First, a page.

Have you ever stopped to think about how much time and effort you have invested in your aquarium? How about financially?

Before you whip out your calculator, I hope you see my point: we invest a lot in this hobby. So why is it that so many hobbyists choose not to protect their investment by owning a quarantine tank?

As well-respected author and hobbyist Bob Fenner says in his book, The Conscientious Marine Aquarist, "you need a second aquarium if you want to keep your first one healthy."

Owning a quarantine system is necessary for the long-term health of your aquarium. Many people have left the hobby because they lost heart after losing fish to some hidden parasite in a new fish or coral.

Fish wholesalers and retail stores are usually conscientious, quarantining and treating fish before selling them. However, that does not mean you do not need to quarantine the animals yourself. If you don't quarantine, you are taking a gamble: not every fish makes it through this process healthy and unscathed. No matter how trustworthy your retailer is, it does not make sense to leave the fate of your other aquarium inhabitants to them.

The truth is, owning a quarantine system is inexpensive and easy. Many hobbyists already own a lot of the equipment or keep it around as backup in case something fails. The best part is you only need to run it when you plan to add new fish or corals.

Start with your basic 10 or 20 gallon glass aquarium. This will house the fish or coral. You will not need substrate or decorations. However, you do want to provide something for the fish to hide in. For most small to midsize reef fish, a few large PVC elbows and tees work great. For larger fish, plastic flower pots are great. This will make them feel safer, thereby reducing stress.

You also need a small glass heater—something in the 50-100 watt range will work just fine. To monitor the temperature, get an inexpensive thermometer.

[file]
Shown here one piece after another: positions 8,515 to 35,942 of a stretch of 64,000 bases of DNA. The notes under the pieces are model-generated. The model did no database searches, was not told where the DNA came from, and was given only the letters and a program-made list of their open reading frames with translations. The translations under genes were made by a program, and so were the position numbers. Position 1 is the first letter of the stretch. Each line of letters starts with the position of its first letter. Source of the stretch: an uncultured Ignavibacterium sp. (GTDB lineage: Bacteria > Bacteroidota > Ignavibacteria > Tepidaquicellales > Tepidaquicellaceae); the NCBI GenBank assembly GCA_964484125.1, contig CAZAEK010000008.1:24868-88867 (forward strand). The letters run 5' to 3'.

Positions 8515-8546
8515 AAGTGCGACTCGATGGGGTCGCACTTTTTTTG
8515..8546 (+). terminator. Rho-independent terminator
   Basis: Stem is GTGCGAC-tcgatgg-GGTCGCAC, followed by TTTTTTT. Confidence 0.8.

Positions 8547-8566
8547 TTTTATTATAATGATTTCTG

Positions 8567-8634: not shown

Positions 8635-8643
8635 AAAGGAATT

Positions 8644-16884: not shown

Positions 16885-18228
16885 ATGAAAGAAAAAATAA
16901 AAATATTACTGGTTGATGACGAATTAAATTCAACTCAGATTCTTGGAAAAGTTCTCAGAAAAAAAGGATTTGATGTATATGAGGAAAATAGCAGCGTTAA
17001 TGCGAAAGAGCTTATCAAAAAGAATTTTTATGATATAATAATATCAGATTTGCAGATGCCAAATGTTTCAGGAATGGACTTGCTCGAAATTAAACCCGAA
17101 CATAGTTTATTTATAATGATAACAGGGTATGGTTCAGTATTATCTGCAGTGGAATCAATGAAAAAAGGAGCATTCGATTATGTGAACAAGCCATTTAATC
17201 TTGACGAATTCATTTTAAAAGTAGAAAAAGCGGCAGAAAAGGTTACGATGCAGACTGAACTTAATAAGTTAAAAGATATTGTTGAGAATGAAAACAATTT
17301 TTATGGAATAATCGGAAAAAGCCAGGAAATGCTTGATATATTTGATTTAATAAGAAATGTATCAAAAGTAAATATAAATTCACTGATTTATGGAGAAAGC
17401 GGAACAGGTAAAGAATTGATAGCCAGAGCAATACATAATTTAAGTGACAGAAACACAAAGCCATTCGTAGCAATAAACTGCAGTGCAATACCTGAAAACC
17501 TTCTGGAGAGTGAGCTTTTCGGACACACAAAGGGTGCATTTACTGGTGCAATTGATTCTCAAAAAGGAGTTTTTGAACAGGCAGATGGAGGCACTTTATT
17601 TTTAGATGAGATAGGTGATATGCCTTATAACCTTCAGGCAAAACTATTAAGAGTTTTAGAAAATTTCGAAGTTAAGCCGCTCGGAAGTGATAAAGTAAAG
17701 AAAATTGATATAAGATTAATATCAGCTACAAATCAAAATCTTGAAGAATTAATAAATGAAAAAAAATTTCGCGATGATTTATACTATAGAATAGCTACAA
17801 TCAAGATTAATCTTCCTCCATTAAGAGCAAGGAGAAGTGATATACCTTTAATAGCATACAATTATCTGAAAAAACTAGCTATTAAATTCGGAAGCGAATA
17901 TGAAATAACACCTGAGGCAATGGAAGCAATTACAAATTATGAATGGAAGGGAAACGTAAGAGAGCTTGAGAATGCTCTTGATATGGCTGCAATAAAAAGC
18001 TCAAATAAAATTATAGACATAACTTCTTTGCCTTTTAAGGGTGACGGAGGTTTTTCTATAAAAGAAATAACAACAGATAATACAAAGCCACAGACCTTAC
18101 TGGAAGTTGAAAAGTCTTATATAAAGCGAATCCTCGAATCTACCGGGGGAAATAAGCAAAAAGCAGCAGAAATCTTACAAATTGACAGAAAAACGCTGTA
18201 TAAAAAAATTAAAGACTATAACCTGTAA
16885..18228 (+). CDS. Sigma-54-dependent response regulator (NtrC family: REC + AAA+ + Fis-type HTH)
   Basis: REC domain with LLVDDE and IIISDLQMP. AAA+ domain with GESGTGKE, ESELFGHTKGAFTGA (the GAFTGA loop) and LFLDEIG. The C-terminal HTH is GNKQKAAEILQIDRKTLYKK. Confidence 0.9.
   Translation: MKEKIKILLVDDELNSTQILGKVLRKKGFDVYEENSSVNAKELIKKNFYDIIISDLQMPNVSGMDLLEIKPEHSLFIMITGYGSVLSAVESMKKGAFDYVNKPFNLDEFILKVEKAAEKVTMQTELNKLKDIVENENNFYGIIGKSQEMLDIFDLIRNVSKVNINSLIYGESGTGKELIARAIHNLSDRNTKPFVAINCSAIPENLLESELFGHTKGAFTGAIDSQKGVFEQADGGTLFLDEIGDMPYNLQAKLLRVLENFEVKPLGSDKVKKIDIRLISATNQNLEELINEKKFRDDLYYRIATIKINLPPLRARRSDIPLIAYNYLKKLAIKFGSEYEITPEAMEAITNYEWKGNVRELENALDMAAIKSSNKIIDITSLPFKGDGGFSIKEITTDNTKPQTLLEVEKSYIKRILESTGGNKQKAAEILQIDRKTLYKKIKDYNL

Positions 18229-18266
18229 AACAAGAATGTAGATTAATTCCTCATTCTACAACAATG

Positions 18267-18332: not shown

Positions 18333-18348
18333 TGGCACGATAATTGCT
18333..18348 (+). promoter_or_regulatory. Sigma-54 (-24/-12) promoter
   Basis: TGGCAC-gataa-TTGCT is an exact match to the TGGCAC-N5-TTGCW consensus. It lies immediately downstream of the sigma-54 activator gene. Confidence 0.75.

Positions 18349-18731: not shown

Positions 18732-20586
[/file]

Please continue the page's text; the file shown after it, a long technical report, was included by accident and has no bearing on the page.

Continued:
Next is filtration. I like a small sponge filter driven by an air pump. This covers biological filtration while oxygenating and moving water. Another school of thought is to use a small hang on power filter. This will allow you to run carbon or other media.

Whichever you choose, don't forget that a new aquarium needs to cycle. Biological filtration needs to be built up before fish can be added.

However, there is a great trick to this. If you you're planning to purchase a new fish in a few weeks, you can use the sponge from the sponge filter in your tank for a few weeks or run the little power filter. This will build up biological filtration so that you can set up the tank right before getting the fish. Use water from your display tank, if possible, when filling the quarantine tank. This will best reproduce the conditions in your display tank and help kick start the biological filtration.

Pick up a set of test kits for ammonia, nitrite and nitrate if you don't already have them. This will help you monitor the water quality until the fish is ready to transfer. I recommend having a few gallons ready for a water change just in case these levels begin to rise.

You do not need a light fixture for fish. The ambient light that shines through windows during the daytime is fine. For corals, you will want a small light so photosynthesis can occur. A two-bulb T5 light will be sufficient for the short time corals will be quarantined.

I prefer not to medicate fish in quarantine unless I notice something during the quarantine period. The fish was most likely medicated several times during shipment and doesn't need the added stress. I can say that most professional aquarists I know do not treat healthy fish in quarantine. Some hobbyists prefer the extra protection though, so read up on it and make a decision knowing there isn't necessarily one right method.

Corals are a different story. I highly recommend dipping any coral before placing them in quarantine. This will remove hitchhiking parasites and help repair damage inflicted during transit.

Equipment-wise, that's it! You should already own a fish net, a salinity meter of some sort, and the rest that goes along with keeping an aquarium.

You will want to keep fish in quarantine for a minimum of two weeks, and often for longer. You should observe the quarantined animal daily for signs of parasites, infection and/or odd behavior. If something is out of the ordinary, treat as necessary, and restart the clock on quarantine once the fish shows no abnormal signs. How to medicate is beyond the scope of this article, but I recommend the aforementioned book, The Conscientious Marine Aquarist, as an excellent resource. My copy is dog eared and well worn from use.

And that's it. Easy, isn't it?

You don't even have to run your quarantine all of the time. Hide it away in a closet or the garage until you plan on getting new fish. You might want to consider keeping it running all the time, just in case you need to convert it into a hospital tank at a moment's notice, but you don't have to.

Make the single most important choice you can to keep your system healthy over the long term and set up a quarantine tank today.

As always, the Reef Squad is here for any questions you might have. We're here to help you succeed!